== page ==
González-Montellano C, Ramírez Á, Gallego E, Ayuga F (2011) Validation and experimental calibration of 3D discrete element models for the simulation of the discharge flow in silos. Chem Eng Sci 66:5116–26CrossRefGoogle Scholar
  24. 24.
    Marinack MC Jr, Musgrave RE, Higgs CF III (2013) Experimental investigations on the coefficient of restitution of single particles. Tribol Trans 56:572–80CrossRefGoogle Scholar
  25. 25.
    Mishra BK (2003) A review of computer simulation of tumbling mills by the discrete element method: part I—contact mechanics. Int J Miner Process 71:73–93CrossRefGoogle Scholar
  26. 26.
    Dietsche F, Mülhaupt R (1999) Thermal properties and flammability of acrylic nanocomposites based upon organophilic layered silicates. Polym Bull 43:395–402CrossRefGoogle Scholar
  27. 27.
    Pohndorf RS, da Rocha JC, Lindemann I, Peres WB, de Oliveira M, Elias MC (2017) Physical properties and effective thermal diffusivity of soybean grains as a function of moisture content and broken kernels. J Food Process Eng 41:e12626CrossRefGoogle Scholar
  28. 28.
    Goswami TK, Ghodki BM (2015) Cryogenic grinding of cassia. In: International conference on advanced in chemical, biological and environmental engineering, pp 242–249Google Scholar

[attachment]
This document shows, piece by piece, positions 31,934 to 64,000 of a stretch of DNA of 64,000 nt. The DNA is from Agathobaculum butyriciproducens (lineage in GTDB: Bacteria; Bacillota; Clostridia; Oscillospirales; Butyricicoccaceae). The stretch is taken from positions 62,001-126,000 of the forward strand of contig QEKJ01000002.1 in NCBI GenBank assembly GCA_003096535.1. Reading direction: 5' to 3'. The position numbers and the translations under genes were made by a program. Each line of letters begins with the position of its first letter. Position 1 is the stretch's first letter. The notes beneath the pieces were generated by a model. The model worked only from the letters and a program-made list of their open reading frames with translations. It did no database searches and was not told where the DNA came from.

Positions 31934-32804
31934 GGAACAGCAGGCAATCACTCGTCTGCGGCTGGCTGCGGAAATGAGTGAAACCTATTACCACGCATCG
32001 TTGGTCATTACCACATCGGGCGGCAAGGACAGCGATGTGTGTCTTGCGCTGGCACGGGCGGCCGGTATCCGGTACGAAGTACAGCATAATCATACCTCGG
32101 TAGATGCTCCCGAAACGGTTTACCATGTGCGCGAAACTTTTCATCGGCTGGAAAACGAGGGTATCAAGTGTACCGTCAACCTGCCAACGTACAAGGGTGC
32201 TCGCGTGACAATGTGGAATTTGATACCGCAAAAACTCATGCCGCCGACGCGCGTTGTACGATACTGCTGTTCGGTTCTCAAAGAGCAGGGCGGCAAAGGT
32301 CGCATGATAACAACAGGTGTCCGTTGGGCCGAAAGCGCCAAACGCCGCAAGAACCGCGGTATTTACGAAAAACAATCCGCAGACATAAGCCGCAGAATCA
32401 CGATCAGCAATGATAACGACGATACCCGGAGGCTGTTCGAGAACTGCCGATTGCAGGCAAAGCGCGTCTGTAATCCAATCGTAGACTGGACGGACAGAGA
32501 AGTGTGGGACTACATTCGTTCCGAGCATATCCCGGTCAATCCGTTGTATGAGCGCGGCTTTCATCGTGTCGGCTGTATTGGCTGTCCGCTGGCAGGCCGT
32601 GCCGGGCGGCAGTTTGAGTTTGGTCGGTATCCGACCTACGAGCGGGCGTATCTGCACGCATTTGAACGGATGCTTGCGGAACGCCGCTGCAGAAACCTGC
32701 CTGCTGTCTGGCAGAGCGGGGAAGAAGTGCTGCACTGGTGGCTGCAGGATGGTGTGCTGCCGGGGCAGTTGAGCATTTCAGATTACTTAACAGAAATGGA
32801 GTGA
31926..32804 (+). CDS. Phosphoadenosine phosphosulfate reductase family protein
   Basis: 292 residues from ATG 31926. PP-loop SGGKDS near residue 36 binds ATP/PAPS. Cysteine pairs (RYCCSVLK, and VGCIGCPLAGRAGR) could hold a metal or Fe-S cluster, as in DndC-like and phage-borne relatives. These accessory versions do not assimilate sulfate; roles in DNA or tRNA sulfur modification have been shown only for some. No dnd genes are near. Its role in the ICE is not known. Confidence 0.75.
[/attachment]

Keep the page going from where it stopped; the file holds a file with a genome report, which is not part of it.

29. 29.
    Ghodki BM, Goswami TK (2016) Effect of moisture on physical and mechanical properties of cassia. Cogent Food Agric 2:1192975Google Scholar
  30. 30.
    Ghodki BM, Goswami TK (2017) Thermal and mechanical properties of black pepper at different temperatures. J Food Process Eng 40:e12342CrossRefGoogle Scholar
  31. 31.
    Murthy CT, Bhattacharya S (1998) Moisture dependant physical and uniaxial compression properties of black pepper. J Food Eng 37:193–205CrossRefGoogle Scholar
  32. 32.
    Joshi DC, Das SK, Mukherjee RK (1993) Physical properties of pumpkin seeds. J Agric Eng Res 54:219–29CrossRefGoogle Scholar
  33. 33.
    Paulick M, Morgeneyer M, Kwade A (2015) Review on the influence of elastic particle properties on DEM simulation results. Powder Technol 283:66–76CrossRefGoogle Scholar
  34. 34.
    Matuttis HG, Luding S, Herrmann HJ (2000) Discrete element simulations of dense packings and heaps made of spherical and non-spherical particles. Powder Technol 109:278–92CrossRefGoogle Scholar
  35. 35.
    Zhou YC, Xu BH, Yu AB, Zulli P (2002) An experimental and numerical study of the angle of repose of coarse spheres. Powder Technol 125:45–54CrossRefGoogle Scholar

Copyright information

© OWZ 2018

Authors and Affiliations

  • Bhupendra M Ghodki
    • 1
    Email author
  • Manish Patel
    • 2
  • Rohit Namdeo
    • 3
  • Gopal Carpenter
    • 4
  1. 1.Horticultural Crop Processing DivisionICAR-Central Institute of Post-Harvest Engineering and TechnologyAboharIndia
  2. 2.Agricultural and Food Engineering Department, Indian Institute of TechnologyKharagpurIndia
  3. 3.Farm Machinery and Power Engineering Department, College of Agricultural EngineeringJawaharlal Nehru Krishi VishwavidyalayaJabalpurIndia
  4. 4.Post-Harvest Management DivisionICAR-Central Institute of Subtropical HorticultureLucknowIndia

Personalised recommendations